As a fan of 18C French decorative arts, there’s nothing I love more than a Louis XV-style fauteuil, or armchair. Naturally, the first exhibits in the Royal Ontario Museum’s New France collection that caught my eye were these 2 elegant Louis XV fauteuils.
The dates given for both pieces are 1760-1790. To look at them, you would think they were from before 1760 — and you would be right if they were French. In New France, however, Louis XV styles persisted well into the 19C. This was the effect of being cut off from the mother country after the British conquest of 1759.
Let’s look more closely at each chair.
The one at left in the above picture has an oiled (ie. unpainted) butternut and pine frame. It was gifted to the ROM by one Dorothy Burke.*
The catalogue explains that it is comparatively elaborate with “moulding of all surface edges, but with the back crest and shoulders and the legs carved in a rocaille fashion.” Rocaille, a style of carving typically featuring shell motifs, is one of the hallmarks of the Rococo style associated with most of Louis XV’s reign. The catalogue also points out that the upholstery is recent.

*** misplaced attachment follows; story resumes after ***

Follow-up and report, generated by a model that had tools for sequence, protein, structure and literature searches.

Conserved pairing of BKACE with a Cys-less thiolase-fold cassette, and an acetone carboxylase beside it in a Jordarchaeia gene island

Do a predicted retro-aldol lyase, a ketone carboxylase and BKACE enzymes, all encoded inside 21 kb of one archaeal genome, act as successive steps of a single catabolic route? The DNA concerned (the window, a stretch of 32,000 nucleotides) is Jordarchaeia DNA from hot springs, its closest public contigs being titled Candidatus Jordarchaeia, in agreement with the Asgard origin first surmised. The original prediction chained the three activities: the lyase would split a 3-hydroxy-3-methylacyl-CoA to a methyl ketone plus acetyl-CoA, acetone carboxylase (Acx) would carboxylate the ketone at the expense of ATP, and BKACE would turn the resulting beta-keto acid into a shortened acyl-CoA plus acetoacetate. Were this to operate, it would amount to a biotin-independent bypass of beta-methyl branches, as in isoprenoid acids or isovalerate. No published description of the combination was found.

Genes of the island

The other fauteuil, at right in the first picture above, is also made of oiled butternut and pine. It was purchased directly by the ROM from an unnamed source in Montréal.
The catalogue describes it thus:
“Rococo floral and scroll carving adorns all exposed surfaces of this chair except the back legs; the carving of the skirt is repeated in reverse on the back crest rail. Hidden forged-iron brackets, with original or early additions, reinforce the joints of the front legs to the seat. The left rear leg is a replacement, and the upholstery is late 19th century.”
Note the absence of padded armrests. I don’t think this one would be comfortable to sit for very long, but I love its look.
Which of these fauteuils do you like better? Let me know in the comments below, or on the Lotus & Persimmon Facebook or Instagram accounts.
*All the information in this post comes from the ROM’s catalogue of its early French Canadian holdings, Rococo to Rustique.